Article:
I have an Biostart M7VKD mobo, with 2 VIA chipsets on it, so I guess I
don't need anything built in/ module.
>
> >>
> >> >> <snip>
> >>
> >> >> Another test: remove everything you can and see if boot succeeds
> >> at full
> >> >> clocking. Then add items back in, one at time. The power requirements
> >> >> listed on various devices may let you calculate the maximum load with
> >> >> doing all this remove/re-insert.
> >> >
> >> > Are you sure you read the whole thread? I said that when I set my CPU
> >> > speed to the original speed, the whole PC wouldn't start, nor the fans
> >> > started spinning...
> >> > I tried to boot the PC with only CPU+Motherboard+RAM+PS, but even then
> >> > the fans didn't start to spin.
> >>
> >> Yes, I read the whole thread. Please forgive my faulty memory of all the
> >> details.
> >
> > Sure i will :P
> >>
> >> >> <snip>
> >>
> >> >
> >> > When downclocked, booting isn't a problem. It's just in a regular
> >>
> >> That's one of the things that reminds me that PS may be involved. Higher
> >> frequency = higher amperage needs. Of course, there could be other
> >> things, like timing issues, that would also be affected by the frequency
> >> selection.
> >
> > And why does it stop working after some time?
>
> Asking for theories here? Or just testing them? Regardless, the power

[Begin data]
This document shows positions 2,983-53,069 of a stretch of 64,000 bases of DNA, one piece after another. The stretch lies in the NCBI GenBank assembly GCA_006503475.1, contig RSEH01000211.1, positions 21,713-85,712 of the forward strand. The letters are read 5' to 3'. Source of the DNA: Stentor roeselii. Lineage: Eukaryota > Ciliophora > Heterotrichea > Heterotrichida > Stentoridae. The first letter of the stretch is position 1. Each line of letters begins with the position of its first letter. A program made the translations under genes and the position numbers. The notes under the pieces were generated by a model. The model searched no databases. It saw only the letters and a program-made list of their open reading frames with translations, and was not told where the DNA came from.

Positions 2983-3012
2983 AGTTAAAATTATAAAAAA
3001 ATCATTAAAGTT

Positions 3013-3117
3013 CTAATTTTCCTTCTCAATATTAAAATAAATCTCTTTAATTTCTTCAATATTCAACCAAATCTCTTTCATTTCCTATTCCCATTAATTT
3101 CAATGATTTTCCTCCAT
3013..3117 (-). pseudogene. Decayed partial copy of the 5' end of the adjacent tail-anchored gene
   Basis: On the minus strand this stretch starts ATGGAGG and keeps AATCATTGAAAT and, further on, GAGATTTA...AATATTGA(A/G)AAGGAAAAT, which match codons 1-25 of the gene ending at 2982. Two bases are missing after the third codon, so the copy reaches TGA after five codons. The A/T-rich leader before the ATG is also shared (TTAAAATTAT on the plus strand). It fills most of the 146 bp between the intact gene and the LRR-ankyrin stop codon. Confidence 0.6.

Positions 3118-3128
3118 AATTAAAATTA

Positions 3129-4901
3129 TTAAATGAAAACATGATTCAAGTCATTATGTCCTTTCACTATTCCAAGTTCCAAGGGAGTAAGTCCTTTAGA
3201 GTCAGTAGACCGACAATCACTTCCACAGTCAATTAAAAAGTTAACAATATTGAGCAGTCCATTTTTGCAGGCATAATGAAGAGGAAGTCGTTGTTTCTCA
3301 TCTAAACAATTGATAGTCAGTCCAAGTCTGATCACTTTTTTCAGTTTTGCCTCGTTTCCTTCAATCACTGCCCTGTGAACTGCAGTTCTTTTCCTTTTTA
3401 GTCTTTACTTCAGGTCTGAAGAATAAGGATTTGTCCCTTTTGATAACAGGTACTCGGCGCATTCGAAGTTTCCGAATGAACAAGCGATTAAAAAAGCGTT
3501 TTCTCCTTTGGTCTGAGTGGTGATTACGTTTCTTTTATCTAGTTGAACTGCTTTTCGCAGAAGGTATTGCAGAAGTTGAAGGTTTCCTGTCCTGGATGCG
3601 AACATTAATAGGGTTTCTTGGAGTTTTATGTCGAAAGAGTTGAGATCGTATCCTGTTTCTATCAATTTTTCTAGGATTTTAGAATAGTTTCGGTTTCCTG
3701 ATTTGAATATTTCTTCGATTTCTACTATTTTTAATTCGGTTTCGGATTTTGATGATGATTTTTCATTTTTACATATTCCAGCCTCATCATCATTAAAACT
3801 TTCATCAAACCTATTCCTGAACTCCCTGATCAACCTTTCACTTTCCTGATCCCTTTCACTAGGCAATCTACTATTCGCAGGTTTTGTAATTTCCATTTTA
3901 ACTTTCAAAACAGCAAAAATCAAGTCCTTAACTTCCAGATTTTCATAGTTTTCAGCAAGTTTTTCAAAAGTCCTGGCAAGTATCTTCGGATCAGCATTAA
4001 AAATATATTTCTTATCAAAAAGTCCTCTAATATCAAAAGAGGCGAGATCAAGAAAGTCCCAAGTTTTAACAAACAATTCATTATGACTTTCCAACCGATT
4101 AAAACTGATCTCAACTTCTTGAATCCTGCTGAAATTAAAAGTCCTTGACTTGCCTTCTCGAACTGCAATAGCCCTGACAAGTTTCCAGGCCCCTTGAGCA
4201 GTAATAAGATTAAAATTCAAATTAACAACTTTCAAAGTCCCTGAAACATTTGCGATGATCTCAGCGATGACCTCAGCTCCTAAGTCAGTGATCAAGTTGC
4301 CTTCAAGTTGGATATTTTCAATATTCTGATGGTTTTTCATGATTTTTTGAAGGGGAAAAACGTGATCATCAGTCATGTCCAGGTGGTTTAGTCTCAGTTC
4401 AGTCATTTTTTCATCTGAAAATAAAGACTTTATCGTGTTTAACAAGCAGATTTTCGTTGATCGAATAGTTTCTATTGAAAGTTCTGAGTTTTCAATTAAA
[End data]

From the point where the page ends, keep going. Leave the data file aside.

> supply is affected by heat. The capacitors are so affected. Everything
> on the board that is electrical will suffer some degradation as they
> heat up. Overheated CPU/memory/... are the most common victims of
> overheat, but a power supply or capacitor or circuit (with a "cold
> solder" joint) can begin to fail as things get warm.

Ok, just to make sure the CPU cooling was good enough, I placed 3 fans
on it, all 3 in right direction, so that it got ultra cooled :)
Still, it didn't pass the GCC testsuite, as it stopped after maybe
30-60 seconds.
>
> Experience indicates that when things fail at seemingly random times
> after running for a short (long) while, and does it consistently,
> something is affected by the heat. It may be not too hot, it may be a
> week circuit that develops an open/short when it gets warmed up.
>
> As power supply heats up, its efficiency drops. If it has a bad circuit,
> it may open/short.
>
> It all *seems* somewhat random to us because we cannot see the variables
> that are in play.
>
> That's wehn the aggregate experience of the list may become helpful.
> Sometimes others (in large numbers) have faced this sort of problem
> before and found "solutions". Some of the folks are even hardware
> "experts" with EE degrees, etc. I'm not, so I rely on others and my own